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Super Consciousness by Colin Wilson - Reviewed

abracad, · Categories: books, consciousness, reviews, spirituality
Super Consciousness

Many people report having spontaneous Spiritual or mystical experiences which commonly include being aware of the interconnectedness of the universe and having access to profound knowledge. You may even be fortunate enough to have experienced it yourself.

Colin Wilson has been a prolific researcher and writer on mysticism for over 50 years, his works including the 1971 classic, The Occult. In Super Consciousness: The Quest for the Peak Experience Wilson makes a broad exploration of such experiences, which he calls peak experiences, considering what induces such states and whether they may be attained at will.

Wilson takes the reader on a fascinating and comprehensive journey through the (mostly) recent history of art and philosophy. He identifies the two dominant and opposing schools of thought about the significance of our existence. The first says we are mere automata trapped in a meaningless universe (tragically endowed with the ability to recognize the futility of our own existence). The second recognizes our place as part of a truly purposeful whole, even though that greater purpose is usually hidden from our limited knowledge.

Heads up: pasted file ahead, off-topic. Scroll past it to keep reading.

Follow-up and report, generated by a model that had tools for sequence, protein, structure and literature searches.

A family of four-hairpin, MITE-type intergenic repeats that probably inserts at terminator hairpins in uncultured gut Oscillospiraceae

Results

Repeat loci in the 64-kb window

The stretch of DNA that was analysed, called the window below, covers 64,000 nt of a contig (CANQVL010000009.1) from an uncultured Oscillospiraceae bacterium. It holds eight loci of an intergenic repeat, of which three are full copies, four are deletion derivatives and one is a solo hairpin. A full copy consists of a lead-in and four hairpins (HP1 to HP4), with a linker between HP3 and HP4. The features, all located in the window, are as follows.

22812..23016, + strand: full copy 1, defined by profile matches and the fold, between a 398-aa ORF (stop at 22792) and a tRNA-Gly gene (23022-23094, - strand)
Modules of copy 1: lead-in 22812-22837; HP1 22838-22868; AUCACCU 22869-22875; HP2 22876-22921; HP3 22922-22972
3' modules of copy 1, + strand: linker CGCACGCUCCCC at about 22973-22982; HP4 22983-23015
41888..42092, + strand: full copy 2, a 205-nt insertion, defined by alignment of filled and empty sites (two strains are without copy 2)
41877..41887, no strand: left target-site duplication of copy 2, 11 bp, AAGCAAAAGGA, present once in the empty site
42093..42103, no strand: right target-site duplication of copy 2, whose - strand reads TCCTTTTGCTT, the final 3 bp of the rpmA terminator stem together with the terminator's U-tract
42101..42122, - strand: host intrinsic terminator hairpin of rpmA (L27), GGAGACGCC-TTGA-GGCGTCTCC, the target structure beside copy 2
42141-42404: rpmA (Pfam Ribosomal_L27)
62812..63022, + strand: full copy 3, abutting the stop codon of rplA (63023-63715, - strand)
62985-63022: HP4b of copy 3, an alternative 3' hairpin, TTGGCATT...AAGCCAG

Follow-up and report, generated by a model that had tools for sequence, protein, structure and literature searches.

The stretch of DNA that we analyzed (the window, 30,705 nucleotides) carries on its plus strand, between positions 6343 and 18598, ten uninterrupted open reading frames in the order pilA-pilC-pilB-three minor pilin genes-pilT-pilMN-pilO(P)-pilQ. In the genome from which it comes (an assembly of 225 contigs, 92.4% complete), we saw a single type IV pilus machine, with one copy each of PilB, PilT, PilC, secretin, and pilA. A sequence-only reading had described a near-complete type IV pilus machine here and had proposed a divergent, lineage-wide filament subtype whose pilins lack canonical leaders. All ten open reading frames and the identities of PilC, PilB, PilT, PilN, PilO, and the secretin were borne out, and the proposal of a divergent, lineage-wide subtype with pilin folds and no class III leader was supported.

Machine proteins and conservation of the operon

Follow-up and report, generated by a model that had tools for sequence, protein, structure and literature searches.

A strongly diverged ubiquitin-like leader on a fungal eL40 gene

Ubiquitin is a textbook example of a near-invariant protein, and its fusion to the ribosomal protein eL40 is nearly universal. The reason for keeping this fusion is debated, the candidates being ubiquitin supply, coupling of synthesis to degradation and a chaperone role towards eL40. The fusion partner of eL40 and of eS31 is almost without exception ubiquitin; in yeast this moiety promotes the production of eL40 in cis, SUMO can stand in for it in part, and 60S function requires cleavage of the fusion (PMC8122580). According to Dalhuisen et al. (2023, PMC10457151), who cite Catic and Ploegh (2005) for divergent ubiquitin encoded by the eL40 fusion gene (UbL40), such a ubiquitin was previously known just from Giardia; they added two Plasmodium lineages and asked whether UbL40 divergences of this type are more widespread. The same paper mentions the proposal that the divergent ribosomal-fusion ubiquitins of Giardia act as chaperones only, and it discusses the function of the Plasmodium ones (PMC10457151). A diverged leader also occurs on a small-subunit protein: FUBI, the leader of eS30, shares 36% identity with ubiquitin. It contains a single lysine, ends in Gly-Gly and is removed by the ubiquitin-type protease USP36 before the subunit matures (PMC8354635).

The Two Selves describes the functioning of the left and right sides of the brain. The left controls language and logic, whereas the right is responsible for pattern recognition and creativity. Wilson dubs them Ollie and Stan respectively (in reference to Laurel and Hardy). Though we are often classed as left- or right-brained, the search for peak experience requires that both sides function in tandem.

In Strange Powers, Wilson recalls he began work on The Occult as a skeptic, however by the end of his labors he came to recognize that 'paranormal' faculties are as as well established as any other scientific 'fact'. The chapter recounts several cases of remarkable coincidences, way beyond the realms of chance. Jung famously termed such instances 'synchronicity', and they are remarkably common, as though offering a tantalising glimpse into the greater reality we inhabit but are usually oblivious to.

Most people, for most of the time, are engrossed in the necessary but tedious trivialities of daily life. So routine is our daily schedule that we carry out these tasks automatically. Wilson describes this as a worm's eye view. To really experience and fulfill our life purpose we need to rise above the daily grind and open our eyes to the big picture, the bird's eye view.

Peak experience can be brought about by crisis, eg Dostoevsky experienced it after being reprieved from a firing squad just three minutes before his scheduled execution. Graham Greene experienced it after surviving a lone teenage game of Russian roulette. Wilson's own experience came after losing, and then finding, his toddler daughter in a busy town. The experience can also be achieved by conscious and sustained effort of the will.

Wilson views nihilists such as Samuel Beckett as mistaken, but furthermore blames their error upon laziness. In short, what one gets from life is directly proportionate to what one puts in. Life is exciting, meaningful, beautiful and fulfilling - if only we make the effort to make it so.


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